Dave Cornthwaite has completed some truly remarkable adventures. Some have been tremendous feats of endurance, others have been utterly and brilliantly bizarre. His big list of feats have earned him the reputation of being one of the most daring and entertaining explorers of the last few years. And his enthusiasm for it all is infectious. He spoke to us on behalf of the San Miguel Rich List, a group of 19 men and women who live for rich life experiences as opposed to wealth…

What tipped you over the edge and made you decide to quite your job and live a life taking on challenges and adventures? 

I was so bored and unimpressive in my early twenties, yet on paper I’d got everything every school kid is told makes up a successful life. Job, partner, house, pet. I couldn’t see much beyond that Sunday fear of dreading the next day of work. Then, I woke up on the morning of my 25th birthday and decided I didn’t want to live this easy, miserable life and not do anything of note so I started saying yes to random things, and eventually found myself on a long skateboard.

I loved it, quit my job two weeks later and decided to try and break the Guinness World Record for the longest journey ever travelled on a skateboard. Sure enough, I skated the length of Britain and across Australia (3,600 miles in five months!). The Australian crossing was the first journey of Expedition1000, twenty-five non-motorised journeys of 1000 miles or more, each using a different form of non-motorised transport.

Would you say you’re a fit and athletic person? And is this needed for the kinds of things you take on?

I’m moderately athletic, at best. I don’t go to the gym or follow a regular training regime, and in between journeys I mainly sit in front of a laptop and edit films or write books, developing a healthy beer belly. I don’t think I’ve ever started a trip in full fitness, but tend to take the first week or so nice and slow and build up to speed. Sure, it helps to be in decent nick to complete a large endurance mission but managing expectations goes a long way. If you’re not racing (other people, or time) then take things at your own pace. If you can move, it doesn’t matter how fast, eventually you’ll make it.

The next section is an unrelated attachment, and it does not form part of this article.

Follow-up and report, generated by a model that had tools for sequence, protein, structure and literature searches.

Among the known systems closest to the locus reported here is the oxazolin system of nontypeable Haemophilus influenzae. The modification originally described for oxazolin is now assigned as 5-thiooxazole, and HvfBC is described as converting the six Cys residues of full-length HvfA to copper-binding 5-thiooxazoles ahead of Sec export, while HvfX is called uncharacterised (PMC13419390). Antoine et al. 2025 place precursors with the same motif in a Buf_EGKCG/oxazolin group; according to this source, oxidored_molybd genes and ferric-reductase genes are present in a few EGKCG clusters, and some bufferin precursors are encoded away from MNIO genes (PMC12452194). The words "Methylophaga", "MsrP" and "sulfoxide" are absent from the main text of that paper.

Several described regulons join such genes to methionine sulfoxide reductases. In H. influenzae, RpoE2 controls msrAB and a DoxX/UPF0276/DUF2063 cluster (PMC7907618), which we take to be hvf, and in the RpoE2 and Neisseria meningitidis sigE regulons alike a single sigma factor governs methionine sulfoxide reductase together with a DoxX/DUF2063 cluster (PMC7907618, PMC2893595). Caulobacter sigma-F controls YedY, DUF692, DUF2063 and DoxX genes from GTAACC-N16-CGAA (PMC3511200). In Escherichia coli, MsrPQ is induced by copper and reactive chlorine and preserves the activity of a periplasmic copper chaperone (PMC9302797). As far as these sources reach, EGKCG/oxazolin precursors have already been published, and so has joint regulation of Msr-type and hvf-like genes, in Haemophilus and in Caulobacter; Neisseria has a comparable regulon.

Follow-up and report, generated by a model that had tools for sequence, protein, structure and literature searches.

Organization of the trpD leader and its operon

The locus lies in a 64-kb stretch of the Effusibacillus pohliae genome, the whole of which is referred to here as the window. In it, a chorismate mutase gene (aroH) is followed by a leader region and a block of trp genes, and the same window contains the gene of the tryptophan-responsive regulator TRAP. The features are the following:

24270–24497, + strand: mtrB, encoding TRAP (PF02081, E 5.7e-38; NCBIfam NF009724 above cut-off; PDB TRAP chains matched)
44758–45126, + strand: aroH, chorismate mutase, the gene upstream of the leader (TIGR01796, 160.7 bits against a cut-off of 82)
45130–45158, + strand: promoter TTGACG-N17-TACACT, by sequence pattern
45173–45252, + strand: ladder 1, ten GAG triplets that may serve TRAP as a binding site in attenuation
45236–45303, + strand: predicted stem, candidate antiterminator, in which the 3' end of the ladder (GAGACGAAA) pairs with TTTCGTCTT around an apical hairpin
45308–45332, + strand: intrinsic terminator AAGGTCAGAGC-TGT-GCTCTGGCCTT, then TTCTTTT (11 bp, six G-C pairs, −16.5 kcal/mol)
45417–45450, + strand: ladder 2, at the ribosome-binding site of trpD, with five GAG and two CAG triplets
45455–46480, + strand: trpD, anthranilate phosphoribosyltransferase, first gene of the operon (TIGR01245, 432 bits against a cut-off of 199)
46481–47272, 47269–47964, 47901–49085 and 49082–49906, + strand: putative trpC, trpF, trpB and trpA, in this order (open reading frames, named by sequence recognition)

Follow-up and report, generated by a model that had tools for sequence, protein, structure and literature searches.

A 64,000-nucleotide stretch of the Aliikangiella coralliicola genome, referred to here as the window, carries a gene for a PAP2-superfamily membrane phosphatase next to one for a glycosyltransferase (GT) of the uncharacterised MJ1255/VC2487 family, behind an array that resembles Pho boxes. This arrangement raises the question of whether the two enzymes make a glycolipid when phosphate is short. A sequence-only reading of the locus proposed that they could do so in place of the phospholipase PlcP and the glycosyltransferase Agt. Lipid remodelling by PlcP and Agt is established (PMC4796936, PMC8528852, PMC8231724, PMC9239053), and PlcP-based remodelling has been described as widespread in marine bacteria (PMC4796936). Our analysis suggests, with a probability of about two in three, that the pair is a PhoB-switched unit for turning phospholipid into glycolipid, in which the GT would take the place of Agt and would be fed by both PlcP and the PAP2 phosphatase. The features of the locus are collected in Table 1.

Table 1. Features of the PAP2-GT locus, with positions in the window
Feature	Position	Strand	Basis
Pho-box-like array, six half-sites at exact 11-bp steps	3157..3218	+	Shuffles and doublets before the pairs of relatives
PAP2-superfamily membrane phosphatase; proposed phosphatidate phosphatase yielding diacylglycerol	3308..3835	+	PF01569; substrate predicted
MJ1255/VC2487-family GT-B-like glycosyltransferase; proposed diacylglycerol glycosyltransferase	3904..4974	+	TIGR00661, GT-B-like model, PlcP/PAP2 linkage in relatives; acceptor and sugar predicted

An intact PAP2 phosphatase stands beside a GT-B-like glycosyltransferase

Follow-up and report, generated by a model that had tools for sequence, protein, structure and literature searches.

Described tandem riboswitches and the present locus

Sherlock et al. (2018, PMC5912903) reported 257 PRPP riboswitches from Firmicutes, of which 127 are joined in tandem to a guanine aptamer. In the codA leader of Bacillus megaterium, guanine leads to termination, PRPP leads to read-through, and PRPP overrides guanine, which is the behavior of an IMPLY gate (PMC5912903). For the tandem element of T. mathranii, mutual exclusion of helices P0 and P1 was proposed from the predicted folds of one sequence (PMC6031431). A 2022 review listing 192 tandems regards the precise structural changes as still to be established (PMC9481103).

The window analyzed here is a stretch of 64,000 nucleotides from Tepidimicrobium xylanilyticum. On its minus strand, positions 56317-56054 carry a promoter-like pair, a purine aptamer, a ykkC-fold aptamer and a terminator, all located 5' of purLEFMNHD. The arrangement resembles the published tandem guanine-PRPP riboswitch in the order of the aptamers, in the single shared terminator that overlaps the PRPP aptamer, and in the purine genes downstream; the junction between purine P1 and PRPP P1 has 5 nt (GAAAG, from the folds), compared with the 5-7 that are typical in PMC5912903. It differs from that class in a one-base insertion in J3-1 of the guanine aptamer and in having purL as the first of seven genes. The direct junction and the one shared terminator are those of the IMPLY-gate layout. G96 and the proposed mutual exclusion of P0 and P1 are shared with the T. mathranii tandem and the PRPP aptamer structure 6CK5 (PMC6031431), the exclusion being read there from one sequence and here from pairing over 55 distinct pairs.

What’s been your toughest challenge?

Hands down, swimming 1001 miles down the Missouri River. I didn’t really know how to swim properly when I started that one and more often than not it was a case of mental strength over physical. My head was buried in the water for the best part of 11 hours each day for 58 days, it got colder and colder towards the end of the river (it was October by then). I lost over 20kg, and it took probably six months to recover mentally afterwards. Screwed me up, that trip!

Is it a case of  ‘the bigger the better’ when it comes to expeditions?

Oh definitely not, not for me at least. Everyone has their own reasons for doing this stuff but as time goes on these journeys are soul food for me, I do them to have a break and get healthy, and I love sharing a good story. My expedition1000 project means I have my own context so as long as each journey is 1000 miles long and I get to have fun, that’s all that matters. I’m not one for ego or boasting about my accomplishments – as far as I can tell most of these journeys are really quite silly!

What’s been your favourite flash in the pan one?

I was in the middle of the Atacama Desert on journey 9 when I got an email asking if I could go and speak at a non-motorised transport festival called the Spezi, in Germersheim, Germany. Two days after riding 1000 miles across through the desert I jumped on a plane, headed straight for Germany, then arrived at this show and realised I was in heaven! Non-motorised craft everywhere! So I asked folks on my Facebook page to choose what I should sit on for the first time the Monday after the show and then promised I’d ride 1000 miles back to the UK on whatever they chose. It ended up being a brilliant adventure on a recumbent ICE trike, so much fun!

Which other adventurers are you excited about at the moment?

There are loads out there, but anyone who can do a video blog in the moment and naturally hold your attention (preferably with humour) ticks the box for me. Anna McNuff is brilliant, and Elise Downing (who just ran the British coastline) is wonderful. There are too many to narrow down after that – but I’m lucky enough to run an adventure and positive change festival called Yestival each October so I get to bring my favourite adventurers there each year!

What happens when you sit still for too long?

I get fat and a bit grumpy. Then Google Earth appears on the screen and I start planning a journey!

Is there anything that has completely beaten you so far?

The only 1000 miler I haven’t completed was a 1000 mile walk around the Middle East. After a 150-mile hike through the West Bank I crossed the Jordan Valley and promptly got two stress fractures, just walking with a heavy pack. Thankfully Leon McCarron, my walking partner on that one, continued on to join the loop.


Dave Cornthwaite is the latest individual discovered by San Miguel as part of its search for the San Miguel Rich List, a list of 20 ‘life-rich’ individuals from across the globe who have unique, compelling, aspirational human stories. To find out more about the campaign, and discover other life-rich individuals, visit www.sanmiguel.co.uk/richlist

Interview by Will Renwick